India’s Muslims have the lowest living standard in the country on a per capita basis, according to a government survey. Muslims, who account for about 14.4 percent of India’s vast population, according to data from Pew Research, spend, on average, only 32.7 Rupees ($0.52) per day. At the other end of the wealth spectrum, on average, India’s tiny minority of Sikhs spend 55.3 Rupees per day. Christians (51.4 Rupees) and Hindus (37.5 Rupees) fall somewhere in between.
"The average monthly per capita expenditure (MPCE) of a Sikh household was [1,659 Rupees] while that for a Muslim household was [980 Rupees] in 2009-10," said a study by the government’s National Sample Survey Office (NSSO) called “Employment and Unemployment Situation Among Major Religious Groups in India.” The average MPCE for Hindus and Christians amounted to 1,125 Rupees and 1,543 Rupees, respectively. The Times of India explained that average household MPCE serves as a proxy for income and the living standards of an Indian family.
The survey also suggested that urban Indians (MPCE of 1773 Rupees) were almost twice as wealthy as their rural counterparts (901 Rupees). Even in India’s vast rural hinterlands, Muslims ranked at the bottom in terms of spending and wealth, while Sikhs had the most disposable income. (Again, Hindus and Christians fell somewhere in between). The same hierarchy was seen in urban regions – with Sikhs at the top, with an average MPCE of 2,180. On the whole, the average MPCE for all Indians amounted to 1,128 Rupees.
Data for Sikhs may be skewed since they represent such an tiny percentage of India’s total population, less than 2 percent. Muslims are also less likely to attain higher levels of education in India than their Sikh and Hindu counterparts.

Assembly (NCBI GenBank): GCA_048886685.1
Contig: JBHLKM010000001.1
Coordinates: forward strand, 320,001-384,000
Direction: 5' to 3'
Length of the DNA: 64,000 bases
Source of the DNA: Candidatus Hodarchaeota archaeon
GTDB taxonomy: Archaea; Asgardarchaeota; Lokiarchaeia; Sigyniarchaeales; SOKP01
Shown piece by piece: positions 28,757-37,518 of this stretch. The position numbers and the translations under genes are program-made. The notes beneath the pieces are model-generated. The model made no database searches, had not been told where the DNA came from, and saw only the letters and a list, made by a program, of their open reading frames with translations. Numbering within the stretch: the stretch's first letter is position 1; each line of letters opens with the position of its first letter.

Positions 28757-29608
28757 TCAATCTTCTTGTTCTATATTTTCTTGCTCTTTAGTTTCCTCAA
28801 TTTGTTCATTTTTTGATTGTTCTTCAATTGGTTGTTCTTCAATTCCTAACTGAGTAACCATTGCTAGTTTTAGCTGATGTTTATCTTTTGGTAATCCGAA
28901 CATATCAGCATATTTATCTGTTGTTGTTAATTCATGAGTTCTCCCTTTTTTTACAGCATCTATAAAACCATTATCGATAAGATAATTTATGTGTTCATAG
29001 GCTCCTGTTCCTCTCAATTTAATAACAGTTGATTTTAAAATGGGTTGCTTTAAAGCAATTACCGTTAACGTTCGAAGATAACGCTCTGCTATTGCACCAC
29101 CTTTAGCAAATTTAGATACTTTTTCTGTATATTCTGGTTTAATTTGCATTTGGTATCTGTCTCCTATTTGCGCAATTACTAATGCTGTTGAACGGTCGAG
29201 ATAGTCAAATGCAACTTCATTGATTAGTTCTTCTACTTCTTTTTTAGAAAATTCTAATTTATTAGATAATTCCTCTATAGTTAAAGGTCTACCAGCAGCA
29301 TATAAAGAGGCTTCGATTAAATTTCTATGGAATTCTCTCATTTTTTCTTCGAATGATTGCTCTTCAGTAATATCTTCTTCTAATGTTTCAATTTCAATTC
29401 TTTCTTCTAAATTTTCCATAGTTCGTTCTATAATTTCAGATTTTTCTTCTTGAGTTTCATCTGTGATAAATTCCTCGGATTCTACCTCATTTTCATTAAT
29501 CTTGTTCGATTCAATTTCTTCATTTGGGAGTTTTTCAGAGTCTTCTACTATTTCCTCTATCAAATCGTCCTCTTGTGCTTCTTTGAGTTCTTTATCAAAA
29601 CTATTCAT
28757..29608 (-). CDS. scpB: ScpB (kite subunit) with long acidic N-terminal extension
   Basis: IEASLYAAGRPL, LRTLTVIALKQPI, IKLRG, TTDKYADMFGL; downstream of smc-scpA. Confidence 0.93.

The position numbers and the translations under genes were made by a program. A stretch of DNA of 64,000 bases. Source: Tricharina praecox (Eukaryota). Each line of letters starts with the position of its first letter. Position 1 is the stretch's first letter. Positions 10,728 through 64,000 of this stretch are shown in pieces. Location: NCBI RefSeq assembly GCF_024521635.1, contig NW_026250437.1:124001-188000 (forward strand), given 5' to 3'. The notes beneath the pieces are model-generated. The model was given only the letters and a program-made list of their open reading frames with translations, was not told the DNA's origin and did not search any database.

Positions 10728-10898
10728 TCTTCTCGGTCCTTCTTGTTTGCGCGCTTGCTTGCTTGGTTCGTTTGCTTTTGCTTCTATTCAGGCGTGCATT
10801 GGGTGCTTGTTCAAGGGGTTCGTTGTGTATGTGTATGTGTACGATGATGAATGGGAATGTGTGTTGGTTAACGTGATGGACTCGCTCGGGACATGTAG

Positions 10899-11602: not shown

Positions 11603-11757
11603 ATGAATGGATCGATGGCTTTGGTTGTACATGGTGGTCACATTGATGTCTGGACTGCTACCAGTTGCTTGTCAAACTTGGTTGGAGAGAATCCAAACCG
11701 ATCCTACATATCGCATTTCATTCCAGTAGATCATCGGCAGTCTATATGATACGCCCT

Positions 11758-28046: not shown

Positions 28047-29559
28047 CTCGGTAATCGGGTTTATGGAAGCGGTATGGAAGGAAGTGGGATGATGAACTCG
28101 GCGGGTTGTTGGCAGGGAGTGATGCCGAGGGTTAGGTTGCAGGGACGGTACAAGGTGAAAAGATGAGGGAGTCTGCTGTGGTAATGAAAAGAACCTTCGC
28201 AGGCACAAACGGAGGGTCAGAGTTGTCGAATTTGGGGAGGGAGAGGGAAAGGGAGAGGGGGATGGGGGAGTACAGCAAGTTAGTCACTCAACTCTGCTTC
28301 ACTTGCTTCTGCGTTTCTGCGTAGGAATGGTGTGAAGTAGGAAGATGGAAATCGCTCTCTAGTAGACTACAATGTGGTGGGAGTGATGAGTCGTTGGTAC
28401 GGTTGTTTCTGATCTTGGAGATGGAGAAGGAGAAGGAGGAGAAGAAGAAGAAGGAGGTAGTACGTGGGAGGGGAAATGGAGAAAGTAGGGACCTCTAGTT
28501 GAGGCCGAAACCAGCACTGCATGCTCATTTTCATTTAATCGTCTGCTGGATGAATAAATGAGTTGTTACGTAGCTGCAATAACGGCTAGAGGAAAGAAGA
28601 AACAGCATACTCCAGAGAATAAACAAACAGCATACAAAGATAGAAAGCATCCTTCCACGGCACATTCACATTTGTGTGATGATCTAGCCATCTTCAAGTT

Looking at the state of West Bengal in Northeastern India, a province with a sizable Muslim population, accounting for about 25 percent of the total, the NSSO study revealed that urban Muslim boys and girls have the highest drop-out rates in the state. The gap is widest at higher education levels, for every 1,000 Hindu males, 30 go on to complete post-graduation, while the figure for Hindu females is 32. But for every 1,000 Muslim boys, only 10 enter post-graduation; and for Muslim girls the figure is just 2.
Interestingly, for boys, Hindus and Muslims have parity in Bengal’s rural regions, according to NSSO. For every 1,000 Hindu male rural students, 5 will complete post-graduation, the same figure for Muslim boys in rural areas.
The overall data reflects the social classes and traditions of Bengal society. Times of India noted that in this conservative province, “Muslims tend to form the bulk of casual laborers and the self-employed class in urban Bengal. Hindus tend to form the core of the salaried class. In rural Bengal, too, Muslims tend to form most of the agricultural and other laborers.” In addition, in rural Bengal, “more Hindus are self-employed in agriculture, while more Muslims are landless laborers. The latter also comprise most of the marginal landowners, compared to Hindus.”
NSSO also revealed that unemployment for Muslims in India is edging downward, but this is somewhat misleading since many Muslims are self-employed and are not even included among the salaried class of workers. In Urban India, only 30.4 percent of Muslims belong to the established workforce
Rakesh Basant, professor of economics at the Indian Institute of Management-Ahmedabad, told FirstPost that Muslims are forced into self-employment due to low educational attainments. “There are not many good schools in Muslim neighborhoods [or in] many [other] marginalized communities,” he said. “This is a problem in [the] supply side. Participation in education goes up when supply of educational institutions is addressed.”
Professor Abusaleh Shariff, of Centre for Research and Debates in Development policy, New Delhi and a visiting scholar to US India Policy Institute in Washington DC, also attributes discrimination to the plight of Indian Muslims. “They [Muslims] do not get jobs [corresponding to the] qualifications, both due of market imperfections and also due to bias in the system,” he said. Even in rural area, they do not even get employment under the [government’s National Rural Employment Guarantee Act project].”
Palash has worked as a business journalist for 21 years in New York.